Visit page
Press "Enter" to skip to content

Government Relations update: the PRO Act and the American Rescue Plan Act of 2021

H.R. 842, the Protecting the Right to Organize Act of 2021 (PRO Act)

Last week, in our previous Government Relations update, we discussed H.R. 842, the Protecting the Right to Organize Act of 2021 (PRO Act). The bill contains provisions that seek to amend the federal definition of “employee” within National Labor Relations Act (NLRA), and in doing so, attempts to reclassify independent contractors as employees unless:

  • The individual is free from control and direction in the performance of the service;
  • The service is performed outside of the usual course of business of the employer; and
  • The individual is customarily engaged in an independently established trade, occupation, profession, or business of the same nature as involved in the service performed.

In summary, if the provision is implemented, it would reclassify freelancers as employees, unless they can satisfy provisions (A), (B), and (C). If the bill is enacted, the independent contractor status of freelance court reporters, captioners, legal videographers, and scopists may be at risk and their ability to provide essential services may be inhibited. Essentially, the PRO Act is similar to California Assembly Bill 5, which was enacted into law in 2018, except that it would impact freelancers nationally if enacted.

Passage in the U.S. House of Representatives

On Feb. 4, 2021, the PRO Act was reintroduced in the U.S. House of Representatives. After its reintroduction, the bill moved quickly—it went straight to the House Committee on Rules on March 8 for a brief hearing and then headed to the house floor for a vote on March 9 where it passed 225 to 206. The bill now heads to the U.S. Senate, where it will likely be debated among the U.S. Senate Committee on Health, Education, Labor, and Pensions (HELP Committee).

What you can do

When the PRO Act was in the U.S. House of Representatives, NCRA Government Relations publicly urged members of Congress to oppose the bill and sent an opposition letter to all elected representatives sitting on the House Committee on Education and Labor and the House Committee on Rules. Now that the bill is in the U.S. Senate, the letter has been sent to all members sitting on the U.S. Senate Committee on Health, Education, Labor, and Pensions (HELP Committee).

NCRA Government Relations is again urging NCRA members to contact your U.S. senators via phone, email, mail, or social media to fight this legislation. We drafted a template letter, similar to the one that NCRA sent to Congress, that you can email or mail to your U.S. senator. Visit here to find your senator’s contact information. Lastly, it must be noted that, according to the website GovTrack.us, the bill now has a 42 percent chance of being enacted into law—previously, it was projected that the bill only had an 8 percent chance of becoming law. It is critical to adamantly oppose the PRO Act to thwart its passage and to prevent it from resurfacing in the future.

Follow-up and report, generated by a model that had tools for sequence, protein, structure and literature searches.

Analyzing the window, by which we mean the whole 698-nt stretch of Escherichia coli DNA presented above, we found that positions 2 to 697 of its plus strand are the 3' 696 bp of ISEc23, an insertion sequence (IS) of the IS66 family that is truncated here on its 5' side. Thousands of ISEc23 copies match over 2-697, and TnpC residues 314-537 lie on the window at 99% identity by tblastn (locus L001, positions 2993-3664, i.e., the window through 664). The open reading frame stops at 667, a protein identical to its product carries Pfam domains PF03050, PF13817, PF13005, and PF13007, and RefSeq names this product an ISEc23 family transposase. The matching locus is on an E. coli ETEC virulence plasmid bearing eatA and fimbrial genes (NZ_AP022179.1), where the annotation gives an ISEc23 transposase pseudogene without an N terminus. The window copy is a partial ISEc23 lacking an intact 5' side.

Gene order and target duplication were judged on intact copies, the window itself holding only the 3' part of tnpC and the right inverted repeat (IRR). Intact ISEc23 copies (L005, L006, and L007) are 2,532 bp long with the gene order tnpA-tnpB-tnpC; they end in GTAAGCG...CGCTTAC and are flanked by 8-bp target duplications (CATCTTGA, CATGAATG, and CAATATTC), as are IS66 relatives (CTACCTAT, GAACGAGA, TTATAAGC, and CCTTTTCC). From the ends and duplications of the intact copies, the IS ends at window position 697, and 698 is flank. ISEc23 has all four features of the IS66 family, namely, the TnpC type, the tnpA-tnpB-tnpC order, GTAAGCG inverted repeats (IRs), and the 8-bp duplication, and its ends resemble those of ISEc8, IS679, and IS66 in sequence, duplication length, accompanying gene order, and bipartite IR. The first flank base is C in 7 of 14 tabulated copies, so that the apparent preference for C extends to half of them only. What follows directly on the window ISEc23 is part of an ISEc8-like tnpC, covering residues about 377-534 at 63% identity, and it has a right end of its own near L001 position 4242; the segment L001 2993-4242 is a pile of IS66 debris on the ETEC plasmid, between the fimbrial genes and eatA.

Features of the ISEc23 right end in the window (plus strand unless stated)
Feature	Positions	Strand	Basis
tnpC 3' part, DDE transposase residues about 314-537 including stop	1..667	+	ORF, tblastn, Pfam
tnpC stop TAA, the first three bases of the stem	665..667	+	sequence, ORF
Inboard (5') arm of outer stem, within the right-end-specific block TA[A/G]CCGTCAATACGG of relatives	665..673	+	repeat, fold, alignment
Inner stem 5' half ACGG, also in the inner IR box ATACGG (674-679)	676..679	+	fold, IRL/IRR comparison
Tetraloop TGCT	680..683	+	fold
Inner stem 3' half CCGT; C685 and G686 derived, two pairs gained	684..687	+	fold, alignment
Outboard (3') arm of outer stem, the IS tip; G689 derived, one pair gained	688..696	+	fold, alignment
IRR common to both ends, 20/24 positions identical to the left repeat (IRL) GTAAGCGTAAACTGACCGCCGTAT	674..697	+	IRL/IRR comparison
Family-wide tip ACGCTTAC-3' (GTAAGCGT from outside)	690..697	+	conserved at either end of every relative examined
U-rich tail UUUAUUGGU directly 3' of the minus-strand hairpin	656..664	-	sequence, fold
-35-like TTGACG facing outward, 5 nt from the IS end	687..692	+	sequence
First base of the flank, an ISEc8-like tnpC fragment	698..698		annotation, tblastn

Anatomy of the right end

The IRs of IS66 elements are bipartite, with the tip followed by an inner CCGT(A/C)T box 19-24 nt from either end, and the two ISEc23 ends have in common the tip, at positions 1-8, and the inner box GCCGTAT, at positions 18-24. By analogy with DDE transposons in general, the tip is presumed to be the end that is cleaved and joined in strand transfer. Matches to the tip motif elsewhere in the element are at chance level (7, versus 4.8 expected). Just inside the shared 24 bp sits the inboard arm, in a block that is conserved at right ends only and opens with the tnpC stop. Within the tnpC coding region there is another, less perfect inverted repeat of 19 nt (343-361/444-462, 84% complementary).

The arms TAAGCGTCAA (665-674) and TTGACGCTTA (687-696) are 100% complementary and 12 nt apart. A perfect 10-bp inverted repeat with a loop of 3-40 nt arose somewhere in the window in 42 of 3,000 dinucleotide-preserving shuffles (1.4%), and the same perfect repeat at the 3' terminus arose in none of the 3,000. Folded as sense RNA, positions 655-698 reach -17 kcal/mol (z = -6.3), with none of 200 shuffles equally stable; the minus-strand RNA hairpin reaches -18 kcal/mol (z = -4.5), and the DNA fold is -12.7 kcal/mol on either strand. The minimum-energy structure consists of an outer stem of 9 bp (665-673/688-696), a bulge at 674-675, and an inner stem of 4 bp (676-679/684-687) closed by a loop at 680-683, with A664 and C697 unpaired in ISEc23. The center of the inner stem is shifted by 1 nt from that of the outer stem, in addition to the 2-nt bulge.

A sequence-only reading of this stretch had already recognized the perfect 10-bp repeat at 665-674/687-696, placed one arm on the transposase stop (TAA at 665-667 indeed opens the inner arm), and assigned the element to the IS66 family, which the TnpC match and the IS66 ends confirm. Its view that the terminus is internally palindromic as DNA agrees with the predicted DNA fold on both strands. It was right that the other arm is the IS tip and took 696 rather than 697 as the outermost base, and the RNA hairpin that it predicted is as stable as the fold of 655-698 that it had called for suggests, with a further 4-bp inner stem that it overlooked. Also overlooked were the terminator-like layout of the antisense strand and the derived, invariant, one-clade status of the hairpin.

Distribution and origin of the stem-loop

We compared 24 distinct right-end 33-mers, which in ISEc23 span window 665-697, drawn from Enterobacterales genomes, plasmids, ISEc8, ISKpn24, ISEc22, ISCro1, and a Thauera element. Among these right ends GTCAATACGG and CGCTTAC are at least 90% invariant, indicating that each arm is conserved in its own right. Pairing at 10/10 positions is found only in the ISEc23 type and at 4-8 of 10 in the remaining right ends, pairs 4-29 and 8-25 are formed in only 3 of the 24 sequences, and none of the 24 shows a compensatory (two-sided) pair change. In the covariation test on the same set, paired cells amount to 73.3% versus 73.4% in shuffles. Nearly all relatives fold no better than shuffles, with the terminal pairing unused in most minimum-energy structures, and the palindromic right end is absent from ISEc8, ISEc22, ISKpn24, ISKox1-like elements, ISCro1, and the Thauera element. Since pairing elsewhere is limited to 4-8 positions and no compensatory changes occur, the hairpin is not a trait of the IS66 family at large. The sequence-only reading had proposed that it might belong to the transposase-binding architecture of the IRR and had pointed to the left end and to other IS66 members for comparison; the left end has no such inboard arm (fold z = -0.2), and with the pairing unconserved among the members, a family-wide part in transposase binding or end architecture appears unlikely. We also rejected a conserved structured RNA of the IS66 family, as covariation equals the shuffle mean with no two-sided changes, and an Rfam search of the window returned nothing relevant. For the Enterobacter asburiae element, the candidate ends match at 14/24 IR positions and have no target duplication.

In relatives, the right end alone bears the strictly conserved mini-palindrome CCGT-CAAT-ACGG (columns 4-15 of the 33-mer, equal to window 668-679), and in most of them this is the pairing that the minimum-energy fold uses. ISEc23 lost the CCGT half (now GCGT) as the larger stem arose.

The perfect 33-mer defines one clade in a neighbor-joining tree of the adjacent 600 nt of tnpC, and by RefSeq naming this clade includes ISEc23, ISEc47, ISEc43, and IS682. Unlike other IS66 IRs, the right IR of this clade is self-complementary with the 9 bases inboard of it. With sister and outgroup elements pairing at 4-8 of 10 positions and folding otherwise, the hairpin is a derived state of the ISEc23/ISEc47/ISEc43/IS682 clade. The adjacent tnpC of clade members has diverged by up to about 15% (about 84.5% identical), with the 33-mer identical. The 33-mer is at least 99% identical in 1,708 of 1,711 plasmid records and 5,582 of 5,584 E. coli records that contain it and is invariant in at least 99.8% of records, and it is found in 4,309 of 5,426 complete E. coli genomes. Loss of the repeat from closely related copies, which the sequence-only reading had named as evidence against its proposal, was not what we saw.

COVID-19 Stimulus Relief

On March 10, Congress passed H.R. 1319, the American Rescue Plan Act of 2021, a $1.9 trillion COVID-19 relief bill. On March 11, President Biden signed the bill into law. The plan has been said to be one of the largest stimulus measures in U.S. history and includes:

  • Direct payments: The plan includes stimulus checks in the amount of $1,400 for individuals who make up to $75,000 and $2,800 for married couples who make up to $150,000. Eligible taxpayers will also receive an additional $1,400 per dependent. Payments will be determined using 2019 adjusted gross income for taxpayers that have not filed their 2020 tax returns.
  • Paycheck Protection Program (PPP) funding: The plan apportions an additional $7.25 billion to the program and will allow most 501(c) nonprofit organizations to gain access to the program. Additionally, the program’s “affiliation rules” will be revised to allow 501(c)(3) organizations with more than 500 employees and 501(c)(6) organizations with more than 300 employees – but at multiple locations – to become eligible for PPP. However, the measure does not extend PPP past the March 31 expiration deadline.
  •  Small business measures: The plan allocates an additional $1.33 billion directly to the Small Business Administration (SBA) to carry out small business aid and loan programs; allots an additional $10 billion to expand the State Small Business Credit Initiative to support up to $100 billion in small business financing through state, territorial, and tribal governments; and apportions an additional $15 billion in additional funding for Economic Injury Disaster Loan grants.
  • Unemployment benefits: The plan continues $300 in extra weekly federal unemployment benefits through Sept. 6, 2021, and makes the first $10,200 in benefits tax-free for taxpayers making less than $150,000 per year.
  • Other measures: The plan also provides a total of $350 billion in total aid to states, local governments, tribal governments, and U.S. territories; distributes $47.8 billion for testing and tracing activities; allocates $11.5 billion to the Centers for Disease Control and Prevention, $7.5 billion of which is for vaccine distribution, administration, monitoring, and tracking; and extends the Employee Retention Credit to Dec. 31, 2021.

For more information about the American Rescue Plan or the Pro Act, please contact NCRA’s Director of Government Relations Jocelynn Moore at jmoore@ncra.org.

Comments are closed.